When creditors call constantly wanting you to send them payments, you may begin to feel anxiety over talking to them. Now that you know one of the steps of a New York bankruptcy is meeting with your creditors, it could feel like a significant cause for worry. At Macco & Stern, LLP, we attend the 341 meetings with creditors with our clients and put them at ease over the process.
The Cornell Law School Legal Information Institute explains that the only exception to the rule for attending a meeting with your creditors is if you have already successfully worked out a repayment plan with them, which you may have done if you filed a Chapter 13 bankruptcy.
A judge does not attend this meeting. It is just for you, your legal representative, the bankruptcy trustee and any of your creditors who wish to attend. Although the meeting is mandatory for you, your creditors do not have to come. However, they have the right to come and ask you questions. It is vital for you to be completely honest when the trustee or a creditor asks you a question.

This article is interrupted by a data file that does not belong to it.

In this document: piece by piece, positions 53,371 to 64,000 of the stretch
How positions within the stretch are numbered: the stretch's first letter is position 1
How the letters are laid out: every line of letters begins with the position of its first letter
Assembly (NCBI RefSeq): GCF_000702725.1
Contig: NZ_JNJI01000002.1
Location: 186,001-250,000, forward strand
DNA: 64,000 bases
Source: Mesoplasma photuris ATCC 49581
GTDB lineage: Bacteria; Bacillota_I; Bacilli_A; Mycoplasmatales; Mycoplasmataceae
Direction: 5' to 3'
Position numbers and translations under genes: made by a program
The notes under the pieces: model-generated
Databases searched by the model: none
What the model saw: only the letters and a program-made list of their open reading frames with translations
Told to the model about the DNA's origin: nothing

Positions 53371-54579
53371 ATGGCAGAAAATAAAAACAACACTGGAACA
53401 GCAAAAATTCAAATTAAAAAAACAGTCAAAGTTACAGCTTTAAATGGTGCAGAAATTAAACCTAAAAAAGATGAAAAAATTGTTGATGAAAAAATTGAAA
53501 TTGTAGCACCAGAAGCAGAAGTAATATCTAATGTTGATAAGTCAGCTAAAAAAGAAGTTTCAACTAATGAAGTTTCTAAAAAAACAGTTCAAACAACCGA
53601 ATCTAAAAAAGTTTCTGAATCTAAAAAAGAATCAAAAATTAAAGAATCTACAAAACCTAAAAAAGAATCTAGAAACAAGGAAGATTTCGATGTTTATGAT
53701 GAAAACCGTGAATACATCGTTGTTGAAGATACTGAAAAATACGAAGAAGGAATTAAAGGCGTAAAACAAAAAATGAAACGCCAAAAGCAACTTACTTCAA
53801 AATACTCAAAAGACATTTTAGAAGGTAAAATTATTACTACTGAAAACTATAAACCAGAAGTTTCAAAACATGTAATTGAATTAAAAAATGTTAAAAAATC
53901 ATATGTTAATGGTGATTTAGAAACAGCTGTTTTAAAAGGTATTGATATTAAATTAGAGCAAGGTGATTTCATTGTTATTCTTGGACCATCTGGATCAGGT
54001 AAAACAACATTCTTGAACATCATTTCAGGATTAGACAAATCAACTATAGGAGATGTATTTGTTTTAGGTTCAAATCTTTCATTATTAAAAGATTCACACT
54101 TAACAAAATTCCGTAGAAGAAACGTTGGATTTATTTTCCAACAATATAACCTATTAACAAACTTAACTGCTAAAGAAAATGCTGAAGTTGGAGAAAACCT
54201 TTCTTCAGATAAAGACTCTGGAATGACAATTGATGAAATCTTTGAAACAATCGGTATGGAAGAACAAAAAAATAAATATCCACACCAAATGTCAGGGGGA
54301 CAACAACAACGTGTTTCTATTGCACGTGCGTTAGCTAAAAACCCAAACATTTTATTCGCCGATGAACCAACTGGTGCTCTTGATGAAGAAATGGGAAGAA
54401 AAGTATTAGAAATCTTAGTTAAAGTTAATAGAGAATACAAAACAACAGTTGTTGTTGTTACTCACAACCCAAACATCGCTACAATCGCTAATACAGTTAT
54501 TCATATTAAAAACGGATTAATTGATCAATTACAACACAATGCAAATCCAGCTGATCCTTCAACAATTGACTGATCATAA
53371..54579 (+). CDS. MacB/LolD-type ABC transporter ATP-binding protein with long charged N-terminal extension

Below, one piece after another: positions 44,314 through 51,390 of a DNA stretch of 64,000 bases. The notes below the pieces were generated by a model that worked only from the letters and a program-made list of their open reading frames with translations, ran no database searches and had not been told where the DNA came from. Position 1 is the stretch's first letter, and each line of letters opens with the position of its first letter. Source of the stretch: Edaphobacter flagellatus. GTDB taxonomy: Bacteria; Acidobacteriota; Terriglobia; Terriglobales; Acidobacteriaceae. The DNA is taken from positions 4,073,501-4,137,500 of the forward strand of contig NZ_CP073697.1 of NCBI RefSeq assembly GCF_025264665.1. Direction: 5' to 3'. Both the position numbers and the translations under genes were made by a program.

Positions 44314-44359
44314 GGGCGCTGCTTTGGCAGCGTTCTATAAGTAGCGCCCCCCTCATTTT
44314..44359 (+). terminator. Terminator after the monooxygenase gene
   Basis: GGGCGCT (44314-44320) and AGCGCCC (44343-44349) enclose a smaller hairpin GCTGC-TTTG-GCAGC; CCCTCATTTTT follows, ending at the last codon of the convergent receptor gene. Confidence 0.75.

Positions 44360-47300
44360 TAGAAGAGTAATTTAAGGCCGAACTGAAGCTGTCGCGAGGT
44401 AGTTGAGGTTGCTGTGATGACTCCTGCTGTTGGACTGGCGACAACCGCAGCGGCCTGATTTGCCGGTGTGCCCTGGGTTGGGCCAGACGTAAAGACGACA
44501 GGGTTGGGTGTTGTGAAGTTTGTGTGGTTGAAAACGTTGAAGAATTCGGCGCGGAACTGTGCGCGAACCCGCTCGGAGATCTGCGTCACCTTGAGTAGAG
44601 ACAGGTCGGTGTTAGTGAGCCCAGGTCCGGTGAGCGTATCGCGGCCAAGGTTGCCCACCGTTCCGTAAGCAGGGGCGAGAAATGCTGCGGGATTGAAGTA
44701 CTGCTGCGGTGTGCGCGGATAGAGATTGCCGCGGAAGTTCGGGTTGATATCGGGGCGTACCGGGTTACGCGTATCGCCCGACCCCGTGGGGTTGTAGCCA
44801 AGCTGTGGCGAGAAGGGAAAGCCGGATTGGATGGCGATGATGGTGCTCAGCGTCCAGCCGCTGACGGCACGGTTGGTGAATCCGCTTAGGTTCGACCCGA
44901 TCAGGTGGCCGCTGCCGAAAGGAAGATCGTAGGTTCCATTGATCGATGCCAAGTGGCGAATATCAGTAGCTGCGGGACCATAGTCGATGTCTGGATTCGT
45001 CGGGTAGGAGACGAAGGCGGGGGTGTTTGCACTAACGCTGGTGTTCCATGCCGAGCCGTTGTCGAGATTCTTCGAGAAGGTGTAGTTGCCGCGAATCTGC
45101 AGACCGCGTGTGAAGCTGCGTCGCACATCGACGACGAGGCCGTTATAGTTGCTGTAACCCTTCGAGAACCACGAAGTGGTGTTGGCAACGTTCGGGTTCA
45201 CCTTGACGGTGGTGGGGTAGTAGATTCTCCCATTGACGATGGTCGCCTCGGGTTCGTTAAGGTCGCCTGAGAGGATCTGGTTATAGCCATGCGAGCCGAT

One of the trustee’s goals for the meeting is to ensure that you are making the right decision. So, he or she may ask you if you understand how the bankruptcy will affect your credit history, whether you may be able to file a different type of bankruptcy, how discharging your debts will affect you and if you understand the effects of reaffirming any of your debts.
More information about the process of filing a consumer bankruptcy is available on our webpage.